With the European sovereign debt crisis heating up, rating agencies have once again been slow to respond. However, this alone is not a reason to short rating agencies. Conflicts of interest, the need for financial regulation to maintain demand for their services, loss of efficiency, and the lack of timeliness of their analysis have made rating agencies such Standard & Poor's, Moody's (MCO), and Fitch nearly obsolete.
The first problem that will bring down this sector is the inherent conflict of interest with the issuer serving as the customer for credit ratings. With the weakening financial fundamentals of developed governments, politicians will only support the rating agencies if they back up positive claims of the governments' financing. In addition, since rating agencies depend on government mandates of their use to survive, they have perverse incentives to artificially prop up the credit ratings of their sovereign customers. This is probably why rating agencies fail to factor the real payback rate on debt adjusted for inflation. The ability for large, heavily indebted countries with reserve currencies such as the U.S., the U.K., and Japan to pay back debts in nominal terms through monetization is the primary reason that these countries have high sovereign credit ratings. If Moody's and S&P adjusted the payback ratios for inflation, their credit ratings would be several notches lower.
Once their credit rating deteriorates, governments (and, to a lesser extent, banks as well) have the incentive to either discredit the credibility of the rating agency, shop the agencies to find the most favorable result, or to blackmail them into a good credit rating by threatening to change the requirement of their services. An example of this fallout is clearly happening in Europe as lawmakers have already working on passing laws to make themselves exempt from credit ratings. The scrutiny of the U.S. Treasury toward S&P after last year's downgrade also reflects the danger of having a business that relies on regulatory protection.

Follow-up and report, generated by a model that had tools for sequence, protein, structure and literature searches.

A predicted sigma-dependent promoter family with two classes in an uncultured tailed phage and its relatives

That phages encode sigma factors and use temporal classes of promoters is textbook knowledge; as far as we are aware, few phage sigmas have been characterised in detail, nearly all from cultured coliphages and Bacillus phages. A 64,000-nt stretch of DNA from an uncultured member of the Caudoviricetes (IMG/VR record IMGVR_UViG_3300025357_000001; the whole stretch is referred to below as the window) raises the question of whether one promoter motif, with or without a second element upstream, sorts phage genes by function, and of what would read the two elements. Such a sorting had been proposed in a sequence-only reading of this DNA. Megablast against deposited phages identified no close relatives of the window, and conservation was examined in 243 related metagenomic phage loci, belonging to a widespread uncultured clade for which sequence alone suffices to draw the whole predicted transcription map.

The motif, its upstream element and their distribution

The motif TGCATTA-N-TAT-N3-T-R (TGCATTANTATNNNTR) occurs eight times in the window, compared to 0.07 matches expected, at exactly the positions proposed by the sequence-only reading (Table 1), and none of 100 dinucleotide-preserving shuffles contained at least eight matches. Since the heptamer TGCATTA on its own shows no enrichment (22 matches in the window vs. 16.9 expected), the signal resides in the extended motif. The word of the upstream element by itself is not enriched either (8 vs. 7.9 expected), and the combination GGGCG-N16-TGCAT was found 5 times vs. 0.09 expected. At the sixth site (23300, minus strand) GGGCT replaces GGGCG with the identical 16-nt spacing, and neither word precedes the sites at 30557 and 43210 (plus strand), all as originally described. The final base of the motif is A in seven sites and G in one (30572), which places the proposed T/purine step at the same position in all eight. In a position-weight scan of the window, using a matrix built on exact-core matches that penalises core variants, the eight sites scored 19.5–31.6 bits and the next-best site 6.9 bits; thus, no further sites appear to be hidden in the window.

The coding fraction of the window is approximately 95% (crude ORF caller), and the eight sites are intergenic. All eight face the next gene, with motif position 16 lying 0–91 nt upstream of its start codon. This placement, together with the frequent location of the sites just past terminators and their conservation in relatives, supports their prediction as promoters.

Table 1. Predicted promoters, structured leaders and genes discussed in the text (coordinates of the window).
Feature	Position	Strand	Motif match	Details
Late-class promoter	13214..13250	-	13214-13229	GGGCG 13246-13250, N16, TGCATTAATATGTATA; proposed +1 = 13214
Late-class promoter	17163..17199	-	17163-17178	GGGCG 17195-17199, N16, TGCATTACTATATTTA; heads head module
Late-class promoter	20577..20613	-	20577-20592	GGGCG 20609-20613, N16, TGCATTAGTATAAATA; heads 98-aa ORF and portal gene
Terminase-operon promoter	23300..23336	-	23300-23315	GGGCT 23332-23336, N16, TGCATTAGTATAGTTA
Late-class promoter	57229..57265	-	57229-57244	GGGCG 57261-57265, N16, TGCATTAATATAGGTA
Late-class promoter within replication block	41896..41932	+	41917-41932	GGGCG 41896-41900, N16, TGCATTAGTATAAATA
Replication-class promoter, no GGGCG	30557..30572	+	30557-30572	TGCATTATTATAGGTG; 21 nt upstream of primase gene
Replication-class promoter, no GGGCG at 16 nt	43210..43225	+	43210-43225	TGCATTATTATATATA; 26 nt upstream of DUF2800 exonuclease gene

Even if the business lacked the previously mentioned moral hazard, the track record of rating agencies in recent years has been dismal. During the Enron scandal, Moody's and S&P only downgraded the company's debt below investment grade four days before bankruptcy. The rating agencies also rated several subprime mortgage-backed securities with AAA credit ratings heading into the 2008 financial crisis and were slow to downgrade troubled banks such as Bear Stearns and Lehman Brothers. In the case of the current European debt crisis, rating agencies have been slow to react to the deterioration of creditworthiness of both the sovereign states involved and the banks with exposure to them.
A way to trade the decline of the rating agency would be through shorting Moody's or McGraw-Hill Companies (MHP), which owns Standard & Poor's. Of these two names, Moody's would be the better short because McGraw Hill is heavily diversified in other publishing outlets, such as textbooks. Overall, the flawed incentive system, the risk of governments removing rating mandates (for self preservation), and the poor track record of their risk assessment are all serious weaknesses of the rating agency business that may ultimately drive it into obsolescence.